* We have identified many genes that once mutated result in cancer, we have identified many environmental factors capable to increase your risk of cancer (tobacco, smoke, obesity, polyaromatic compounds, ionizing radiations….). http://www.ncbi.nlm.nih.gov/pubmed/24816517.

* We learned that cancer is a disruption of a physiological balance, for instance we thought that an excess in oxidative stress and free radicals were promoting cancer. http://www.ncbi.nlm.nih.gov/pubmed/25496272.

* We have highly improved the way we detect cancer, remove surgically cancer and found new chemotherapy that really improved survival rate in many cancer. Yet, malignant brain tumors (glioblastoma multiform and brain metastasis) remain the most deadly form of cancer, in partly because we fail to deliver therapeutics across the blood-brain barrier. The tragic case of Brittany Maynard as well as children with aggressive form of medulloblastoma makes me feel helpless because I know how powerful the blood-brain barrier is in blocking the delivery of these agents. It will be hard to untangle a evolutionary trait to protect our brain from neurotoxic and poisons to deliver it.

* Stem cells and malignant cancer cells seems to share a dark common origin. If you inject stem cells in an animal, they become wild and form teratomas, just as cancer cells would do. But they also share similarity and I like to refer that stem cells keep “the primitive cell phenotype” in a evolutionary standpoint. I like to think that cancer are cells that “accidentally” turn on the time machine and reverse their biological and evolutionary clock back to the time were LUCA (the Last Unicellular Common Ancestor) were swimming in the “Primeval soup”.

So now, we now that “one size fits all” approach to treat cancer and we really need to think about treating it as a personalized approach, using modern technology (genomics, epigenomics, proteomics….) to dress an identity card of the cancer for each patient to find which approach is the best.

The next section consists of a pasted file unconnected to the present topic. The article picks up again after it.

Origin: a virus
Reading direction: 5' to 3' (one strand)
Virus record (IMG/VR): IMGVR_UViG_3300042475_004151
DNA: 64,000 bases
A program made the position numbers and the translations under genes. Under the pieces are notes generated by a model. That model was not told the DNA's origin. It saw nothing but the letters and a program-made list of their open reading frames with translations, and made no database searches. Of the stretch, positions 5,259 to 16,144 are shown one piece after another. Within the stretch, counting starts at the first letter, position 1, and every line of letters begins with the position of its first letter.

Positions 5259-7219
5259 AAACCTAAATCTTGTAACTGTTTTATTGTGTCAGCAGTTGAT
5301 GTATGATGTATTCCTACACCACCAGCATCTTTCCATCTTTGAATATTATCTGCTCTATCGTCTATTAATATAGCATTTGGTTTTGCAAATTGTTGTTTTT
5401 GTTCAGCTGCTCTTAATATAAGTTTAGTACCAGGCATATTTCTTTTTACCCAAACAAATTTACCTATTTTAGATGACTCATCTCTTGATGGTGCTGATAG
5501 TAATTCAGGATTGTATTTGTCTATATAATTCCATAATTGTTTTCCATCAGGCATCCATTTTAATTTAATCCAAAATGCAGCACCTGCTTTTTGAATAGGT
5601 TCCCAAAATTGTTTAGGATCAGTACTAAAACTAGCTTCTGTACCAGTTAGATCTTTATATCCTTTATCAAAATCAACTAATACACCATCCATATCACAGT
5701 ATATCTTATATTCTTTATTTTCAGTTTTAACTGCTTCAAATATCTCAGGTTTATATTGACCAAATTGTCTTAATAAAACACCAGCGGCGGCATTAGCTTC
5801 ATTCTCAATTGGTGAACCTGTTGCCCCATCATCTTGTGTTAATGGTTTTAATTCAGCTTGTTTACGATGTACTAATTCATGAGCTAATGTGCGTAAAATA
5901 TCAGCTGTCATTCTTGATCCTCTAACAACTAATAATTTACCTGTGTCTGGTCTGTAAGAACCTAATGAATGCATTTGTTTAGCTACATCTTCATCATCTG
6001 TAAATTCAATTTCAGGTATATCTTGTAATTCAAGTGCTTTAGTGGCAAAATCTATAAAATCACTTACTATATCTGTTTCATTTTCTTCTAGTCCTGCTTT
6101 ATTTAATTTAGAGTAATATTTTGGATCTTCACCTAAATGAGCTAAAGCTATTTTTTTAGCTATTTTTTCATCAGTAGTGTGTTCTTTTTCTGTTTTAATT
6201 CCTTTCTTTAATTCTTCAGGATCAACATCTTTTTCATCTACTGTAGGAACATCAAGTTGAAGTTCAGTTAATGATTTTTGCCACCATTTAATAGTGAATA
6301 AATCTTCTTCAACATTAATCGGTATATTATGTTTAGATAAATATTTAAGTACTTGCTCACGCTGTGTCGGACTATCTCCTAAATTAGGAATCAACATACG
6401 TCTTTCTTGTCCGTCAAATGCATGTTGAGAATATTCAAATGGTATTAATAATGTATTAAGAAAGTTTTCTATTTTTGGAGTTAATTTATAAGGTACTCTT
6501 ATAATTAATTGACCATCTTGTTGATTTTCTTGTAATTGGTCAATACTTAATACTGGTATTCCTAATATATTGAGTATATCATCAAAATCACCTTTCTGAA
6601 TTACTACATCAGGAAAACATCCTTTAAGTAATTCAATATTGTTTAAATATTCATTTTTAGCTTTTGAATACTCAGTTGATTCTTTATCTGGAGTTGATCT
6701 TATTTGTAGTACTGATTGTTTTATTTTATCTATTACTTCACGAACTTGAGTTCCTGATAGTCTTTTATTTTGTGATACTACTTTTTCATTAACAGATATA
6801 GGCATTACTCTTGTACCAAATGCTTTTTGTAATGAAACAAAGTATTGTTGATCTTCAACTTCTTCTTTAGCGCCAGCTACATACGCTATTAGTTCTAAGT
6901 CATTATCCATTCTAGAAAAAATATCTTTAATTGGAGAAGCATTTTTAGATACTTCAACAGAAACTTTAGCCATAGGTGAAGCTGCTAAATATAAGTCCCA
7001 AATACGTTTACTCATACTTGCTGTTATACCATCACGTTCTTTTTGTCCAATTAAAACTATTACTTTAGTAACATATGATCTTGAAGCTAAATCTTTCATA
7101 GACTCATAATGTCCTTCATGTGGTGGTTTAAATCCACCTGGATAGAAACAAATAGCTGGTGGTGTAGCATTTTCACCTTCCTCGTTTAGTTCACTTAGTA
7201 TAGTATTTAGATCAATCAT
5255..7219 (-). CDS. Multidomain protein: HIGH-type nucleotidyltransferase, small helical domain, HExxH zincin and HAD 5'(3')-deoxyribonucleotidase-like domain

Cristian Tomasetti1,*, Bert Vogelstein2,* Science 2 January 2015:  Vol. 347 no. 6217 pp. 78-81  DOI: 10.1126/science.1260825

Source: Cristian Tomasetti, Bert Vogelstein. Variation in cancer risk among tissues can be explained by the number of stem cell divisions. Science 2 January 2015: Vol. 347 no. 6217 pp. 78-81. DOI: 10.1126/science.1260825.

The recent study from Tomasetti and Vogelstein indeed show that incidence of cancer is “bad luck”. We know that each time our cells divide, the duplication of our genome is not “fool-proof” and introduce a mutation (1 base pair mutation for every million replicated). This is a handicap (because you loose your information over time) but it is also a blessing because this is how evolution works and what we are. Just a bunch of lucky mutations spanning over a billion of years of zillions of cell divisions. Under normal circumstances, we have “safe-fail mechanisms” (tumor suppressors) that are here to send defective cells into apoptosis (a sort of auto-destruction mode or if you like the cellular version of “hara-kiri”). But sometimes these defective cells do not follow that path and keep proliferating. This is all about. More you have cells within a tissue that keeps dividing, more you increase your risk to increase your pool of potentially tumorous cells. At the end, it is just a long equation of probability in which risk factors just increase the probability to success of the event.

My recommendations? Stay healthy (exercise often, follow the nutritionist recommendation for calories intake), stay safe (especially if you are working in a risky environment, follow your safety and OSHA guidelines), keep a regular check on your health and if you feel something weird do not hesitate to further investigate. And please, follow your physician recommendations.

Happy new year y’all.

[Sciences] My Top 10 Sciences Discoveries of 2014

Here I am, a couple of hours before the end of 2014 and lots of excitement in science this year. Here are my top 10 discoveries that marked me this year. It is surely biased (stem cells, blood-brain barrier) but hey I am a scientist after all. There is no particular ranking, so do not use the numbers as a rank.

Note: I will update this blog post by adding additional contents.

1.STAP Cells

The latest blog post from Dr. Knoepfler on the STAP cells debacle